A trio of Northumberland businessmen have teamed up to redevelop a prominent listed building with a varied history in the heart of Morpeth.
A revised bid to convert into apartments the grade II-listed 94 Newgate Street was approved by councillors in April.
Commonly known as Wansbeck House, today’s building is a composite of 18th, 19th and 20th-century elements with its first use being as a private home, including for the notable Crawhall family, before it became a girls’ school and, most recently, council offices.
The planning permission includes four bungalows elsewhere on the site and it was this element that was the focus of objections from neighbours.
However, the costs of converting the listed building, which is largely supported, are counter-balanced by the other properties on the site, the developers say.
The Old Registry, a nod to one of its most recent uses, is the first development of Northumberland Homes Ltd, the catalyst for which was this building becoming available.
Having recently wrapped up the purchase of the site from the county council, the company – headed up by Gary Herron, Michael Black and Peter Smith, who live in Morpeth, Bedlington and Stannington respectively – is keen to make a success of its first project.
“The wealth of history on the site and the potential to bring it back into use in its very original purpose 270 years ago is what attracted us,” Gary said.
“We are local guys, we saw an opportunity for an interesting project for our business, but to keep it local because we hope we will be able to show people over the next 12 months that we will bring forward a much more sensitive scheme than some national developers might have delivered.”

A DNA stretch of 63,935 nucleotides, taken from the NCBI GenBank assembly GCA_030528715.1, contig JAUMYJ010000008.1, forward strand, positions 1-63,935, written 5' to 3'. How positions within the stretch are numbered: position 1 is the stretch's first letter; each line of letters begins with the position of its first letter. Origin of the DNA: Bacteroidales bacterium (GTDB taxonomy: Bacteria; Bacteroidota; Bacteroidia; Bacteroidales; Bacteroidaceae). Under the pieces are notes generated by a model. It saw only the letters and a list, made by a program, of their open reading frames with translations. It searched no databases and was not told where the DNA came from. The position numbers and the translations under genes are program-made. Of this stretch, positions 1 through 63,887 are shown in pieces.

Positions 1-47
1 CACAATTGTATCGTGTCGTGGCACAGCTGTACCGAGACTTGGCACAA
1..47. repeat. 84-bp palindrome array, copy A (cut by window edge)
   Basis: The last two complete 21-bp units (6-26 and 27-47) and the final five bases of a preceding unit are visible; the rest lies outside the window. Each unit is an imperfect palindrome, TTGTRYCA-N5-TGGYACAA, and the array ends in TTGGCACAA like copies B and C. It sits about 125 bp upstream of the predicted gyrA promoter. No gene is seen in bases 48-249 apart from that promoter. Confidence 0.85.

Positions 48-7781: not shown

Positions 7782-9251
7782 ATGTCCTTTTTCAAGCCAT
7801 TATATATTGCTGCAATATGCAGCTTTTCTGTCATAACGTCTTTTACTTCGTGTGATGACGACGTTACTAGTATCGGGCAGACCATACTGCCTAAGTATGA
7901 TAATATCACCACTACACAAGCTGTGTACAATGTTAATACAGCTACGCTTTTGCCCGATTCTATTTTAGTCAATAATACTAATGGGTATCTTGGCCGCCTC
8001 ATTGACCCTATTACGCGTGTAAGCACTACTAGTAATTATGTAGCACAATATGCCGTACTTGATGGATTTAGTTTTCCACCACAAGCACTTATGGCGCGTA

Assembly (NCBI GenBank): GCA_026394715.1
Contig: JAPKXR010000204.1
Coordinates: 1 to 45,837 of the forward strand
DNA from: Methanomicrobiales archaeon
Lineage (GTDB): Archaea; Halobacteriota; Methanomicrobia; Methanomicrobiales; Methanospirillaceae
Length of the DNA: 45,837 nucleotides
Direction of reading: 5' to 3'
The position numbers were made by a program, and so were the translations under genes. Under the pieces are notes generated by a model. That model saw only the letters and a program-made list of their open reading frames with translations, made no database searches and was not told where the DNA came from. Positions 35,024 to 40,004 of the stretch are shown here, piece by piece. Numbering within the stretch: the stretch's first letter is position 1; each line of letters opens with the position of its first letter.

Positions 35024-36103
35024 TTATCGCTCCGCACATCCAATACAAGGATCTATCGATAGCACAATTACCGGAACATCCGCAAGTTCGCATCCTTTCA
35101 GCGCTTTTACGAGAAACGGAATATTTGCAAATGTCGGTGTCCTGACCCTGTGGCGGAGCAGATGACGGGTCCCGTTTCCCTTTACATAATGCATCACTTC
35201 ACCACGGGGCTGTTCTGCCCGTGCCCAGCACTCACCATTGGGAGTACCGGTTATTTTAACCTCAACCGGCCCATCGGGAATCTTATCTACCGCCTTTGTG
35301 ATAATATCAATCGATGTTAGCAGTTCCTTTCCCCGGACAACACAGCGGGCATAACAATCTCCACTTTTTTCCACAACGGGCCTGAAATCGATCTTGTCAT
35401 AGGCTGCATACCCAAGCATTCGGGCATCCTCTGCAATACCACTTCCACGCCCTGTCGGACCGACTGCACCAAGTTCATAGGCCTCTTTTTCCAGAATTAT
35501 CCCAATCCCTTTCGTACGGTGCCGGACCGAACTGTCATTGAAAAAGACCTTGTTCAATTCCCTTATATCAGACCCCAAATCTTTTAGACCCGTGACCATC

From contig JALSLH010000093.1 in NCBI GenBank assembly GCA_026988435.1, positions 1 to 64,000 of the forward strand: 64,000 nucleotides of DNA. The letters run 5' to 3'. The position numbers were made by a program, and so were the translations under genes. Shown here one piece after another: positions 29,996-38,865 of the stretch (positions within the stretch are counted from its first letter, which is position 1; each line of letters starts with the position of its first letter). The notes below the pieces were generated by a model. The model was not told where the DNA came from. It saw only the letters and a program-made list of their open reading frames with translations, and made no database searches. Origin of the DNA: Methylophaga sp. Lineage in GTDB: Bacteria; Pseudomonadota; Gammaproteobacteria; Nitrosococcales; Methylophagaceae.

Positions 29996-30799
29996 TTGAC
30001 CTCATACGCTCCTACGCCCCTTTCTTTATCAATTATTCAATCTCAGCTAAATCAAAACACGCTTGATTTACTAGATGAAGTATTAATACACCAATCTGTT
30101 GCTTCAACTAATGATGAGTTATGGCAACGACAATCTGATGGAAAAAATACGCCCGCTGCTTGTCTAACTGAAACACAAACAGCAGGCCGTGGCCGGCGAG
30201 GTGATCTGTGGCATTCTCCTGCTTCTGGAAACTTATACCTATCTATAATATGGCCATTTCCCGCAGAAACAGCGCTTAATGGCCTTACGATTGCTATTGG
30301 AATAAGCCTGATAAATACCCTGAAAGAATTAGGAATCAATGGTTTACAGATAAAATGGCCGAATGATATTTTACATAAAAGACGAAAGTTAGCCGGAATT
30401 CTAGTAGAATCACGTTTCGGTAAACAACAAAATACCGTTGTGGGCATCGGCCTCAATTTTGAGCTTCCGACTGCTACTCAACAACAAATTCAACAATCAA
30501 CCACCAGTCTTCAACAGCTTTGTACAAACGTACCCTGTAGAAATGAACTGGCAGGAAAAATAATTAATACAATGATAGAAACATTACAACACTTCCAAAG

There will be two one-bedroom flats, nine two-bedroom apartments and a three-bedroom duplex in the main building, with a four-bedroom and a three-bedroom dormer bungalow next to Orchard Mews and another two bungalows near the entrance from Cottingwood Lane.
This currently unnamed road, which is set to be called Northumberland Gardens, will be the only vehicular access to the site, but there will be a pedestrian entrance from Newgate Street, through the existing gates.
Work has started on the main building, which will be the most time-consuming, with the aim of completing all of the properties by next summer/autumn.
“We genuinely do, within economic constraints, want to do this well,” Gary said. “Yes, so we can sell them, but it will be nice to have this building restored to, or even above, its former glory because we are going to be here for the rest of our days.”
A previous application, with larger, dormer bungalows at the Cottingwood Lane entrance, was narrowly refused in January, against officer advice, and an appeal has been submitted against this refusal.
Ben O'Connell, Local Democracy Reporting Service